Social Choice, Coase Theorem, Contracts, and Logrolling

  • Peter Bernholz

The problems connected with logrolling (Bernholz, 1974) and vote-trading (Kramer, 1973; McKelvey, 1976; Plott, 1967) are special cases of much wider phenomena (Bernholz, 1981; Schwartz, 1981, 1986). These phenomena are, in fact, the only reasons for the inconsistencies of nondictatorial societies described by Arrow’s General Impossibility Theorem (Arrow, 1963/51; see Sen, 1987, for a review of Social Choice Theory) “if more than one issues are implied, if individuals have separable preference orderings and if such inconsistencies are not present concerning the alternatives of single issues”. Moreover, the respective “paradoxes” of voting and logrolling, usually distinguished in the literature, are identical (Bernholz, 2000). Also, the implied social inconsistencies can occur even if participating individuals have identical preferences but face different restrictions (Breyer, 1980). Finally, the problems put into the center of attention by Arrow would not exist without the presence of negative externalities (in its broad sense, that is, including also political externalities) (Bernholz, 1982). But then, as suggested by the Coase Theorem, generalized below, stable Pareto-optimal outcomes do result in the absence of transaction costs in spite of the validity of Arrow’s Theorem, provided that binding contracts are possible. Consequently, the following statement by Sen (1987, p. 383) is true only if contracts are not binding: “… it would appear that there is no way of arriving at a social choice procedure specifying what is to be chosen…, satisfying the appropriately interpreted (i.e., in terms of choice) conditions specified by Arrow…”.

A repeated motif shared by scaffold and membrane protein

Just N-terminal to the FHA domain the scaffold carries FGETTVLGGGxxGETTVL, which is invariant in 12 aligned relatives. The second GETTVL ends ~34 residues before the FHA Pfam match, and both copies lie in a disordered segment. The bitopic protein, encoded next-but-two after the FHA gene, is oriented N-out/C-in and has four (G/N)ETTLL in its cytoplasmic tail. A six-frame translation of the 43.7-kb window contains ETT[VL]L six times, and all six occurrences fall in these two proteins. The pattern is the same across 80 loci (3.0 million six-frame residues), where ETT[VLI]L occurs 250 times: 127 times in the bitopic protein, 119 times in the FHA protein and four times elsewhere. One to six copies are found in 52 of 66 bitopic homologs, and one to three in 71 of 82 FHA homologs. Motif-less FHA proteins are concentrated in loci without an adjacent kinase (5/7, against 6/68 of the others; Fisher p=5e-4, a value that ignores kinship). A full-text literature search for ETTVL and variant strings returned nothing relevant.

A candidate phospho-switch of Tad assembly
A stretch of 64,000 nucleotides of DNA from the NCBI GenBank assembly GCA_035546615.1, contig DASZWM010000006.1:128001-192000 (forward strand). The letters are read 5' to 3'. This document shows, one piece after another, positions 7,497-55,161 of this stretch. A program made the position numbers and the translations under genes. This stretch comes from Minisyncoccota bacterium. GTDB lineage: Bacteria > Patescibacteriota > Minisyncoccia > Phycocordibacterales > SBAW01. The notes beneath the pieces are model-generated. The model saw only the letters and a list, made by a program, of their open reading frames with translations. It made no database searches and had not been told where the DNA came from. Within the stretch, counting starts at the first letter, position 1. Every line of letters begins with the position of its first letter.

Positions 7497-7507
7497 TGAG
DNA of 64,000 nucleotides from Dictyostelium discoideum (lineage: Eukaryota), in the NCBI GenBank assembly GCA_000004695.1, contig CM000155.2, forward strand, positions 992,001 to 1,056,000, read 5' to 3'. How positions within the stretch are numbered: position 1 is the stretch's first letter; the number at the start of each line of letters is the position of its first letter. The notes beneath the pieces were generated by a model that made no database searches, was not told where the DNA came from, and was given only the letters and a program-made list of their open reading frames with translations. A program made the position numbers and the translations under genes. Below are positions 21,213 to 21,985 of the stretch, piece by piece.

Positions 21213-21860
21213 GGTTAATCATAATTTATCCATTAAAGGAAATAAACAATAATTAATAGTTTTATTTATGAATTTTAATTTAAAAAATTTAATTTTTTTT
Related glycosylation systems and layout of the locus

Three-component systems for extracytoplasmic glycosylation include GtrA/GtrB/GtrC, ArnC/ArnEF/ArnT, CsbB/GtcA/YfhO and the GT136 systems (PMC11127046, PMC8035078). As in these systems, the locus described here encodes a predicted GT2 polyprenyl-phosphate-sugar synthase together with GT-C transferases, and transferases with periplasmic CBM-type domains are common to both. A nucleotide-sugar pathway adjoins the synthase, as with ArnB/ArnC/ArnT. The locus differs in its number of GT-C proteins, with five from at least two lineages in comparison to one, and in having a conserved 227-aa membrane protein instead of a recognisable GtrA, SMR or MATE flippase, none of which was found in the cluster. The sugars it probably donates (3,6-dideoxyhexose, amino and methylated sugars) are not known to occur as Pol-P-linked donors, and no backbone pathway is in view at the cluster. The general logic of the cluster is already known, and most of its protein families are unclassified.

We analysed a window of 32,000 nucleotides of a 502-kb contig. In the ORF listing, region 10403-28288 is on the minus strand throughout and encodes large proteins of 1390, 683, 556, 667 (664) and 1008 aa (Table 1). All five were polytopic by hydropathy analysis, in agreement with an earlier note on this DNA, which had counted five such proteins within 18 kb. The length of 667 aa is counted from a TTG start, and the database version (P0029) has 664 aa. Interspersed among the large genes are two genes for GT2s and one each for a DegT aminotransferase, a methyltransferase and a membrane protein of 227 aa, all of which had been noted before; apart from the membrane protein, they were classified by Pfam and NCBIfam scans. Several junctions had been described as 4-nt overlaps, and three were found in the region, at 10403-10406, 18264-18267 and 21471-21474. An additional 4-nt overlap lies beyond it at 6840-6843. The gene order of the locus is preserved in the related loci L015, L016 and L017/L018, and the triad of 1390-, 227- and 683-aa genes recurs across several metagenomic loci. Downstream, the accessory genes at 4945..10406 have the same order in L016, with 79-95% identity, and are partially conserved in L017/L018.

Transaction Cost Decision Rule Public Choice Social Choice Individual Preference 
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  • Peter Bernholz

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